The Best Books on the Middle East
Experts Recommend Top Titles to Understand Mideast Conflict
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Listen to the Talk of the Nation discussion.
April 18, 2002 -- Host Neal Conan joins bookseller Shannon Biggler, poet Ibtisam Barakat, and authors David Lesch and Adina Hoffman in discussing the most useful resources for understanding the crisis in the Middle East. Following is a list of their recommendations.
Arab and Jew: Wounded Spirits in a Promised Land, by David Shipler (Penguin, 1987).
From Beirut to Jerusalem, by Thomas Friedman (Anchor, 1990).
A History of Israel From the Rise of Zionism to Our Time, by Howard Sachar (Oxford University Press, 1996).
A History of the Arab Peoples, by Albert Hourani (Warner Books, 1992).
House of Windows, by Adina Hoffman (Broadway Books, 2002).
In the Land of Israel, by Amos Oz (Harcourt Brace, 1993).
The Iron Wall, by Avi Shalim (W. W. Norton & Co., 2001).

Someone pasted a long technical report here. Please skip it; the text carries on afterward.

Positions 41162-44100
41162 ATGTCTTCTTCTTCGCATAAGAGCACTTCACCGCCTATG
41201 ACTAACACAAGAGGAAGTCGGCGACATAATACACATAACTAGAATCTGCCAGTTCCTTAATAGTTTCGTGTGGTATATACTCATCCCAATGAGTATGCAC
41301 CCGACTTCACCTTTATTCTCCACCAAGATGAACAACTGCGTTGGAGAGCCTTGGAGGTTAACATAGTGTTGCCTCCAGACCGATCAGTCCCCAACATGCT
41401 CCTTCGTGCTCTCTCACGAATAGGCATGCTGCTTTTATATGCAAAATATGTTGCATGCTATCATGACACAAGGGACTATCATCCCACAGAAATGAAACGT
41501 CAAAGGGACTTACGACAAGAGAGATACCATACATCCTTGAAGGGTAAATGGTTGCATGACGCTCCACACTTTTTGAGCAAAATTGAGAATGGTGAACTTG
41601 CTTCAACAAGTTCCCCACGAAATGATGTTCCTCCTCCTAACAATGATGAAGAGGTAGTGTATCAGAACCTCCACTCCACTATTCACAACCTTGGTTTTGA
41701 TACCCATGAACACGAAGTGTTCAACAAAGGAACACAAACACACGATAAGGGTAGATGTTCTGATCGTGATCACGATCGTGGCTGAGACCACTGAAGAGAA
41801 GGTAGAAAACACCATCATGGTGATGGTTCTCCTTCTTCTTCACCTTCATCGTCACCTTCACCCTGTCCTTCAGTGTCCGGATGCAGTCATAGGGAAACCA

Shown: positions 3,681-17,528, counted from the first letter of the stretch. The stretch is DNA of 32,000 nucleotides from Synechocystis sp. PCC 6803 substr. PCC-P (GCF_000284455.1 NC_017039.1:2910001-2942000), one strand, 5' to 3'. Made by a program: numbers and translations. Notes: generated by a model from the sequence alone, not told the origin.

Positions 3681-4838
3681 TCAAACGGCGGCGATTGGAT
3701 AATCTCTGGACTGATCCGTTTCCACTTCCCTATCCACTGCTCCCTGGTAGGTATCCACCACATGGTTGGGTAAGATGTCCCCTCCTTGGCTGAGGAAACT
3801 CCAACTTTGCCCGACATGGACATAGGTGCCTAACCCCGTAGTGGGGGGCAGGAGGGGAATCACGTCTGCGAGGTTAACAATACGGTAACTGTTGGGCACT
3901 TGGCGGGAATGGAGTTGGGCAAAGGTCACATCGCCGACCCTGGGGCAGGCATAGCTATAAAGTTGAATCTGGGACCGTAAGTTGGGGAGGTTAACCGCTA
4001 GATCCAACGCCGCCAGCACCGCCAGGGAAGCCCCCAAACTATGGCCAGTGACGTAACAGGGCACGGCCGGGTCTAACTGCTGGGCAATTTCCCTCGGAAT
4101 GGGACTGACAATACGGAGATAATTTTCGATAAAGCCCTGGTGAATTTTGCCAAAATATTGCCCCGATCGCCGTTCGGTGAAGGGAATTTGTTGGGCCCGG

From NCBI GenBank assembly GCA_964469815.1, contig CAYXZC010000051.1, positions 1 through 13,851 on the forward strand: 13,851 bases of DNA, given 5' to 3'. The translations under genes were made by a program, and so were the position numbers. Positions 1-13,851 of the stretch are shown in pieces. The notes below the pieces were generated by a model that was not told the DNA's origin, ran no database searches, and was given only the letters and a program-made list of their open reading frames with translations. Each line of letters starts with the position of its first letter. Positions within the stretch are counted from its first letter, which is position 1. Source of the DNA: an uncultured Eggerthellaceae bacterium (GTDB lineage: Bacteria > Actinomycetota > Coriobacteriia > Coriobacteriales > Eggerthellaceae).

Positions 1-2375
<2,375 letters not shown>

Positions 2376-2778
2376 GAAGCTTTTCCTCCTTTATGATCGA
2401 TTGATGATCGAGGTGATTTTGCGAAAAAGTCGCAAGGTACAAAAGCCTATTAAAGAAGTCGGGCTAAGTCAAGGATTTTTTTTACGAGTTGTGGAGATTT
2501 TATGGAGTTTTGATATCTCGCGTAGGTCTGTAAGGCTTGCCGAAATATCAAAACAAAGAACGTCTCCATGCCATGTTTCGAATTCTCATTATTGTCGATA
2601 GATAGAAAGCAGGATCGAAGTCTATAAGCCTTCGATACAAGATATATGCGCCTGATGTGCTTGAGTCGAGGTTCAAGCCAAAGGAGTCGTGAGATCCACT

Journey to Jerusalem, by Grace Halsell (MacMillan, 1981).
The Middle East, by Bernard Lewis (Touchstone Books, 1997).
Never Mind: Twenty Poems and a Story, by Taha Muhammad Ali (Ibis Editions, 2000).
Palestine and the Arab-Israeli Conflict, by Charles Smith (Bedford/St. Martin's, 2001).
A Peace to End All Peace, by David Fromkin (Owl Books, 2001).
Power Politics, by Arundhati Roy (South End Press, 2002).
Righteous Victims, by Benny Morris (Knopf, 2001).
A Short History of the Jewish People from Legendary Times to Modern Statehood, by Raymond P. Scheindlin (Hungry Minds, 2000).
Stations of Desire: Love Elegies from Ibn Arabi and New Poems, by Michael Sells (Ibis Editions, 2000).
Unholy Wars, by John Cooley (Stylus Publishing, 2000).
Wild Thorns, by Sahar Khalifeh (Interlink Publishing Group, 1999).
The Yellow Wind, by David Grossman (Farrar, Straus & Giroux, 1998).